Advice needed :(

My fiance was diagnosed with UC when he was 16. I met him when he was 22 and at the time (other than the millions of pills he took) his life seemed pretty normal. He didn't have a ton of flare ups, and if he did get one it was easily controlled. Last February (2013) he had a horrible flare up that they couldn't get under control. He decided that he didn't want to use Humira/Remicade with the side affects and low success rate, so instead he decided to have j-pouch surgery. Before his first surgery (July 2013) he had lost 40 lbs in about 5-6 months. With the temp ostomy, life got so much better - he was able to have a life again that didn't revolve around laying on the couch and in the bathroom. He had his take down surgery (October 2013) and everything seemed to go well. We started planning our wedding and bought a house. However, about a month or two ago life has gotten rough again and we now are thinking about postponing the wedding. He is in horrible pain and nobody can seem to help us. The surgeon has been trying different medications to get the gas under control but none of it seems to be helping. He continues to lose weight (down to about 110lbs and is 5.8). I worry about him constantly and you can tell he is extremely depressed. I am at a complete loss - I am here for him 100% but like he says "I can't understand the pain" Between worrying and lack of sleep I am completely at a loss Frowner Any advice would be greatly appreciated!!
Original Post
You are to be commended for being there for your fiancé with all he has been through and he is very fortunate to have you. I have been through a lot medically during the past 4 years, and my wife’s support meant everything to me. It is my understanding that the Cleveland Clinic has some very highly rated doctors that deal with problem J pouches. A consultation there might be very beneficial. A low carb diet could reduce his gas problems and there are numerous posts on this board addressing that issue. As regards weight loss, I found diet supplements like Boost and Ensure helpful in stabilizing my weight after surgery and until my appetite returned. Issues involving depression should be brought to the attention of his doctor. I hope everything works out well for the two of you!
Boy, this sure sounds like a familiar story. Those symptoms really do sound like SIBO (small intestine bacterial overgrowth). There could be any number of reasons for it, but it would seem that he needs someone with expert skill in diagnosing j-pouch complications. That would be Dr. Bo Shen at the Cleveland Clinic Pouchitis Clinic. The fine docs at CC also do remote second opinions, where you send them your records for review. That might be a good place to start, if travel to Ohio is out of the question right now.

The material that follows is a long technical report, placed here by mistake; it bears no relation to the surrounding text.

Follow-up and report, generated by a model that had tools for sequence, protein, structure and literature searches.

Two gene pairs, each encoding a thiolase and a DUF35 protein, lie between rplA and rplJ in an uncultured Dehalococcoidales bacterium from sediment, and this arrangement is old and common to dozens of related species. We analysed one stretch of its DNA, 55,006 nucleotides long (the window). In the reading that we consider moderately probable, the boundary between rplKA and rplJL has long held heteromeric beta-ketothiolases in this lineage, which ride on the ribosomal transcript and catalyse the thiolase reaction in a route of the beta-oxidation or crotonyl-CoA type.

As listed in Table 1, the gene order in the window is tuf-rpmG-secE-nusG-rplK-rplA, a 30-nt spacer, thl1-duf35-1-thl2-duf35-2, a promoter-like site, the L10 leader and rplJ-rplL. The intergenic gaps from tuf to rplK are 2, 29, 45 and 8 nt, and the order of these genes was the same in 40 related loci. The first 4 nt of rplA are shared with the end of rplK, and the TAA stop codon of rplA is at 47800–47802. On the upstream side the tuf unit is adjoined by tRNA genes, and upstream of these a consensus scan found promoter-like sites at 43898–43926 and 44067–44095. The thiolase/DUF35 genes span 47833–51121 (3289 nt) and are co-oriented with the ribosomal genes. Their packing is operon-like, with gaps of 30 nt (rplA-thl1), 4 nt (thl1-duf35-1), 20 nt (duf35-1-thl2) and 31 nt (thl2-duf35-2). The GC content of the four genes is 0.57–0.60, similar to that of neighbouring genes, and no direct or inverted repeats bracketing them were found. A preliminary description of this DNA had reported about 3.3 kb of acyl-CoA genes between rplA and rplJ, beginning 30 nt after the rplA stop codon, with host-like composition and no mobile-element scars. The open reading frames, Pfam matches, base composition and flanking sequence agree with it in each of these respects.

You may want to do a search here or on Google for SIBO and see if that sounds like his trouble.

I echo Bill's kudos to you for being such a great support to your guy! Also, don't feel that you need to post only in this forum, as you can participate in all the other forums if you wish.

Jan Smiler
Thanks so much for the quick response!! His surgeon actually did his fellowship at Cleveland Clinic - so he is certainly knowledgeable, which is helpful!! He has an appointment with his GI tomorrow, I am curious if it is possibly pouchitis or chron's. I know he is also going to talk to his surgeon tomorrow about getting a temp ostomy back. He has an anal fissure that doesn't seem to want to go away even with medication cream to put on it. I just want my happy fiance back.
Gee, anal fissure adds a whole other dimension to this! That one little thing can completely rule your life and make it so you cannot eat, sleep or even concentrate on work.

When those creams fail, the next option is sphincterotomy, either surgical or chemical. I vote for the chemical, which is Botox injections. The effect is temporary, wearing off in about 3 months. It can cause incontinence while in effect (same as surgical sphincterotomy).

So, yes, there are things to discuss. A diverting ileostomy could aid his tolerance of the sphincterotomy side effects and/or whatever is going on now.

Jan Smiler

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